“This Thing Is Working”

The evidence continues to pile up that the Affordable Care Act is working, and conservatives on the defensive.

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A Slew Of Good Health Care News Has Conservatives On Their Heels

The evidence continues to pile up that the Affordable Care Act is doing exactly what progressives said it would: providing the peace of mind of high-quality and affordable health coverage to millions of Americans. Despite the initial bumps, the law is actually exceeding expectations when it comes to enrollment. What’s more, Americans are sick of Republicans who have voted over 50 times to repeal the law without even offering an alternative — the law is working better than expected and it is here to stay.

19 Million Americans Covered

With President Obama’s final announcement of enrollment numbers on Thursday, the tally for the total number of Americans getting coverage (so far!) thanks to the Affordable Care Act is in:

  • 8 million people have signed up for health coverage through the state and federal marketplaces.
  • 3 million more have signed up for coverage through Medicaid.
  • 3 million now have coverage by staying on their parents’ plan.
  • 5 million people have signed up for ACA-compliant plans outside the marketplace.

Altogether, a new Gallup survey reveals that 4 percent of all Americans are newly ensured this year.

Exchanges Working And Costs Down

Opponents of the law claimed that insufficient numbers of young and healthy people would enroll in the exchanges, causing premiums to skyrocket next year. These fears also aren’t panning out; in fact, just the opposite is happening.

For one, young people are signing up for health coverage under the law in droves. The White House reported that 28% of enrollees are between the ages of 18 and 35. That’s the same percentage as in Massachusetts, which has run a successful healthcare marketplace since 2007. Gallup echoes this point, writing that “the newly insured are, on average, much younger than the overall population.”

Additionally, worries about dramatic cost increases have also proven to be overblown. New Congressional Budget Office projections for 2016 insurance premiums are 15 percent lower than previous estimates, a reduction that they estimate to save $186 billion (not to say we called it, but…we called it).

The mix of massive enrollment and a young, healthy enrollment pool has insurers who “got their first taste of Obamacare this year [wanting] seconds,” according to Politico. In at least ten states, insurers that didn’t offer coverage through the exchanges this year have said they plan to in 2015. This creates more options for consumers, and signals the strength of the ACA marketplaces.

Conservatives On Defense

As millions of people experience real, and not just theoretical, benefits of the law, Americans are getting more and more tired of the political battles to repeal it. A recent Kaiser survey found that 59 percent of Americans want keep the law in place or improve it, while only 29 percent want get rid of it. Pew reports that even a “majority of ACA opponents – representing 30% of the public overall – want politicians to do what they can to make the law work as well as possible, compared with 19% of the public that wants elected officials to do what they can to make it fail.”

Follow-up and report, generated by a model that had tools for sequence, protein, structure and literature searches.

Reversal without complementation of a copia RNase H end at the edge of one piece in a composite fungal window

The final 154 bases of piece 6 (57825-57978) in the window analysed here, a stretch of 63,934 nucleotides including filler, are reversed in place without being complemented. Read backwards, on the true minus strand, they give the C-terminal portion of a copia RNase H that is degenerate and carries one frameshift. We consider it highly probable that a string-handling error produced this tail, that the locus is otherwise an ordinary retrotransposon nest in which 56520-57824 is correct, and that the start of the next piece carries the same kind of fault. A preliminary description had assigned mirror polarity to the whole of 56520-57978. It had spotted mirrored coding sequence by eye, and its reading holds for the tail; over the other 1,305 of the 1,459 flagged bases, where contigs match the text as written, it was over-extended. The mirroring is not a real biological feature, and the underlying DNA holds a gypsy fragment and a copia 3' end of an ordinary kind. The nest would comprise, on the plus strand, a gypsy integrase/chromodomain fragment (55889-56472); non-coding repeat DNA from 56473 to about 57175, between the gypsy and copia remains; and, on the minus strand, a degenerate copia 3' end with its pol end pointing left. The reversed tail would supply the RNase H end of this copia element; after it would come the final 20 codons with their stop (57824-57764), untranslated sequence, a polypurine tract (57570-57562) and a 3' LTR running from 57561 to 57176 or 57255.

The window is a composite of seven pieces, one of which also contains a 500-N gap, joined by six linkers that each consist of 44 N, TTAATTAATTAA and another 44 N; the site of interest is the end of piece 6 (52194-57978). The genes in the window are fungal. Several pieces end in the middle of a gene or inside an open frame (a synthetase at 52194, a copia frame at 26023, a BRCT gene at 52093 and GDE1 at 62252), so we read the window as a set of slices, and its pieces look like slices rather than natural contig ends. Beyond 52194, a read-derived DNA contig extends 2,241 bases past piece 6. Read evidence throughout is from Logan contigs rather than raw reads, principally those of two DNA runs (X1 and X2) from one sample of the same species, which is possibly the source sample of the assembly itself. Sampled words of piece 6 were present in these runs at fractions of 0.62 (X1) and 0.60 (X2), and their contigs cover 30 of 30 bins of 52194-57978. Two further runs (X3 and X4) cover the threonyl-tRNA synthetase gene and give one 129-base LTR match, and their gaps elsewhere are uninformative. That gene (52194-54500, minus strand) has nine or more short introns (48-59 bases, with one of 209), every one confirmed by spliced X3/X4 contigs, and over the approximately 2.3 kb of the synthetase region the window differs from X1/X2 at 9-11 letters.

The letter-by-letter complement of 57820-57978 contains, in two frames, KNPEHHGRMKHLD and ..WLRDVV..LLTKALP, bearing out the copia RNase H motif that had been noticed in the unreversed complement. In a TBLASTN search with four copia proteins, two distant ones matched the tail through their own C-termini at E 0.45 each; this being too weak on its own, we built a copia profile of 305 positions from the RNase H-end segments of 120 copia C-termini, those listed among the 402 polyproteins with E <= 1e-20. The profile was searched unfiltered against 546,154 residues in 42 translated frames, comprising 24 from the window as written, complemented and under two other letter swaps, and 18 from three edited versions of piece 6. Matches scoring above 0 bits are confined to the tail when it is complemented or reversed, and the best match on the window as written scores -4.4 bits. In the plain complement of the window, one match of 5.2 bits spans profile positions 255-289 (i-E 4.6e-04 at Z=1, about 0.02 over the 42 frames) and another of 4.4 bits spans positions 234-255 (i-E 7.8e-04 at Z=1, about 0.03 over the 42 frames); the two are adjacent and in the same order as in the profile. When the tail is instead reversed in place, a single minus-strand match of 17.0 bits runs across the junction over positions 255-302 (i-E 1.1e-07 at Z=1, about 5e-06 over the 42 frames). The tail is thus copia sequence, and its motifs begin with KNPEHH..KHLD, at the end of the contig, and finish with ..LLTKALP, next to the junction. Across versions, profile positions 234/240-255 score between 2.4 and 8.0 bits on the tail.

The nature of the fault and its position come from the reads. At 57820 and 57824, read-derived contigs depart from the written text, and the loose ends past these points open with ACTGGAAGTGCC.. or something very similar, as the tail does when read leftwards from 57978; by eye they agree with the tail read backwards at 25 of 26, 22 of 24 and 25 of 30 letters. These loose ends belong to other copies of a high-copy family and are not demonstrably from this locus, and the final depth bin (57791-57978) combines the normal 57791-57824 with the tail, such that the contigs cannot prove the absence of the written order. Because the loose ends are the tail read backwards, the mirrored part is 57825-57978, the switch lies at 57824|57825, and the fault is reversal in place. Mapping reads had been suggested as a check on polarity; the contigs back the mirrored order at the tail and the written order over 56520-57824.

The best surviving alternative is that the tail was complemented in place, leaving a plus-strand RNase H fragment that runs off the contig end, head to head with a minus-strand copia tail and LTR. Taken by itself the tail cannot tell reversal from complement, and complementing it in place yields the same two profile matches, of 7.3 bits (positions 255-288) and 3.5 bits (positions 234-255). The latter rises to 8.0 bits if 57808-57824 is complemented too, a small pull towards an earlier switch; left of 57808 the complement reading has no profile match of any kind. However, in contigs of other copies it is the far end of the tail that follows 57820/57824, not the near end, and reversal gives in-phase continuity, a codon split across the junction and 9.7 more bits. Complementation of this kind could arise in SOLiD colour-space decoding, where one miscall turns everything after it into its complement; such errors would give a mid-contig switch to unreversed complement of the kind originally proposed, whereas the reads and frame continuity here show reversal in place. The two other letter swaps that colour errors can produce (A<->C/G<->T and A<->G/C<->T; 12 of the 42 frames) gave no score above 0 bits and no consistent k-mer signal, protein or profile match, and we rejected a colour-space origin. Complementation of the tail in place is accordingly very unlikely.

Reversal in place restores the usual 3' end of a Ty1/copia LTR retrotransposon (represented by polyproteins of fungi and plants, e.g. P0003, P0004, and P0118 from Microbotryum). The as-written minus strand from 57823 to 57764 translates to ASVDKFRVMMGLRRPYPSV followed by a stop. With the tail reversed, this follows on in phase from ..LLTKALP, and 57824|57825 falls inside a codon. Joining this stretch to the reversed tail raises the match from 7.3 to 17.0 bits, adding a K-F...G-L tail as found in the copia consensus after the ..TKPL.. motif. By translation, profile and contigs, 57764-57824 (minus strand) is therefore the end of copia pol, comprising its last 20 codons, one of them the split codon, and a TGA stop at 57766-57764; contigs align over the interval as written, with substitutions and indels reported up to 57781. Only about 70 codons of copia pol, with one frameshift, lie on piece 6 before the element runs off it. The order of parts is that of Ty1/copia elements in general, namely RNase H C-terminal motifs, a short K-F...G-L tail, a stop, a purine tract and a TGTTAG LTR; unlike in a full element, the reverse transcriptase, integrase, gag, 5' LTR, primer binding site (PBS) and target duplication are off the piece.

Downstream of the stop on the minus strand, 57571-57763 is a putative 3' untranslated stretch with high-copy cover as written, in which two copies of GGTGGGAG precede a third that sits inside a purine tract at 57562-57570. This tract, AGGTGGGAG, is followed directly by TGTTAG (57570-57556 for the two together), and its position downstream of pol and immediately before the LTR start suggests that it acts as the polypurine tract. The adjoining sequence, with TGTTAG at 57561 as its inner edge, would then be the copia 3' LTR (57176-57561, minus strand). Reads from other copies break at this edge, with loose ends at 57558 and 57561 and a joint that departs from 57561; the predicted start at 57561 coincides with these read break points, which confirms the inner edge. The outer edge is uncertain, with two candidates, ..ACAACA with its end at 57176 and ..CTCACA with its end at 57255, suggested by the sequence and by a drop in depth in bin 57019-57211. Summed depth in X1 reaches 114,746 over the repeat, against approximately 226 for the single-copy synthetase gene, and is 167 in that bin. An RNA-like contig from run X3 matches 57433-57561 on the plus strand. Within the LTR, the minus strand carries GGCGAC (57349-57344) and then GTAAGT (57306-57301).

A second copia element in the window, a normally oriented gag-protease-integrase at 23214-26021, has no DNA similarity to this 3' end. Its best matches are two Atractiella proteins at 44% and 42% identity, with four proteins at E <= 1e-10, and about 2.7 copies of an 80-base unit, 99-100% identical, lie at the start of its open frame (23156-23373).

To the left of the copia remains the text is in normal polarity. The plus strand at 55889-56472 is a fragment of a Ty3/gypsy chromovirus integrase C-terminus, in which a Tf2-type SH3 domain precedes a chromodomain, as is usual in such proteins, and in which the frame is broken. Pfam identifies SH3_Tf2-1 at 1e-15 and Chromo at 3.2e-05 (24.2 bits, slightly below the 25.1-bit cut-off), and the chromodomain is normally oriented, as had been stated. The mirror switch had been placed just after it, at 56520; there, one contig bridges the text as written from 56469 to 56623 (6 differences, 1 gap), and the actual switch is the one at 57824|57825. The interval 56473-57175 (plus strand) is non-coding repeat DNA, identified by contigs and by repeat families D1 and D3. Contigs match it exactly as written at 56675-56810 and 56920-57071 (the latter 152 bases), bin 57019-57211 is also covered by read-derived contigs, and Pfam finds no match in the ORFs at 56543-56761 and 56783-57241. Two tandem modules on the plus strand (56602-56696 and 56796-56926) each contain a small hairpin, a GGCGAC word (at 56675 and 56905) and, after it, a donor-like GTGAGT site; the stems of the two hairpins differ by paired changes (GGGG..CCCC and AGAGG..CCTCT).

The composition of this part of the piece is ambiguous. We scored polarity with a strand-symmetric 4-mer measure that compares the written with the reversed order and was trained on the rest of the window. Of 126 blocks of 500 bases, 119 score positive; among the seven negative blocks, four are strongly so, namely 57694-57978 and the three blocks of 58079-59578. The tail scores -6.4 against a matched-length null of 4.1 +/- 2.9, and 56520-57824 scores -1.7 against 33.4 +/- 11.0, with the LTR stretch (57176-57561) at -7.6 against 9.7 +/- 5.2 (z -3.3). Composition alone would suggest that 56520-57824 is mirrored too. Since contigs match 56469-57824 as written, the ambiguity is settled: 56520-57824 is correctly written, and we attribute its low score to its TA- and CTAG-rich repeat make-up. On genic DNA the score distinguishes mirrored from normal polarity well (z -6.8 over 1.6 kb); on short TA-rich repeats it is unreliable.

And constituents are showing their frustration with their conservative elected officials’ fixation on repeal. Without any alternative to point to, and an increasingly frustrated public, these politicians have nobody to blame but themselves.

Think Progress videotaped on one such interaction at a town hall for GOP Rep. Dennis Ross (FL):

Constituent: Why do you think it is so good to deny seniors on Part D to make them pay more, about $4,000 more for medicine, and people with pre-existing conditions get denied insurance, have 26-year-olds have a harder time getting insurance because they can’t get on their parents’? Why do you think those are good ideas?

ROSS: I don’t. I think one of the most unfortunate things my party did the last three years was not offer an alternative to health care.

Ross isn’t the only Republican to face criticism recently. Paul Ryan, Scott Brown, and Chris Christie have also had constituents tell them to end their focus on repeal. Meanwhile, states that have refused to expand health care to low-income residents are also starting to face the music: the uninsured rate is dropping three times faster in states that have expanded Medicaid compared to those that have not.

BOTTOM LINE: We think just a look at a few of this week’s health-care related headlines provides the best summary: the ACA is working.

New York Times: Enrollments Exceed Obama’s Target for Health Care Act

New Republic: Obamacare Signups Hit 8 Million And both Young And Old Are On Board

National Journal: Obamacare Is On A Winning Streak

Politico: Insurers see brighter Obamacare skies

Washington Post: States embracing Obamacare are doing a better job of covering the uninsured, surveys show

Gallup: Uninsured Rate Drops More in States Embracing Health Law

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Advocacy Team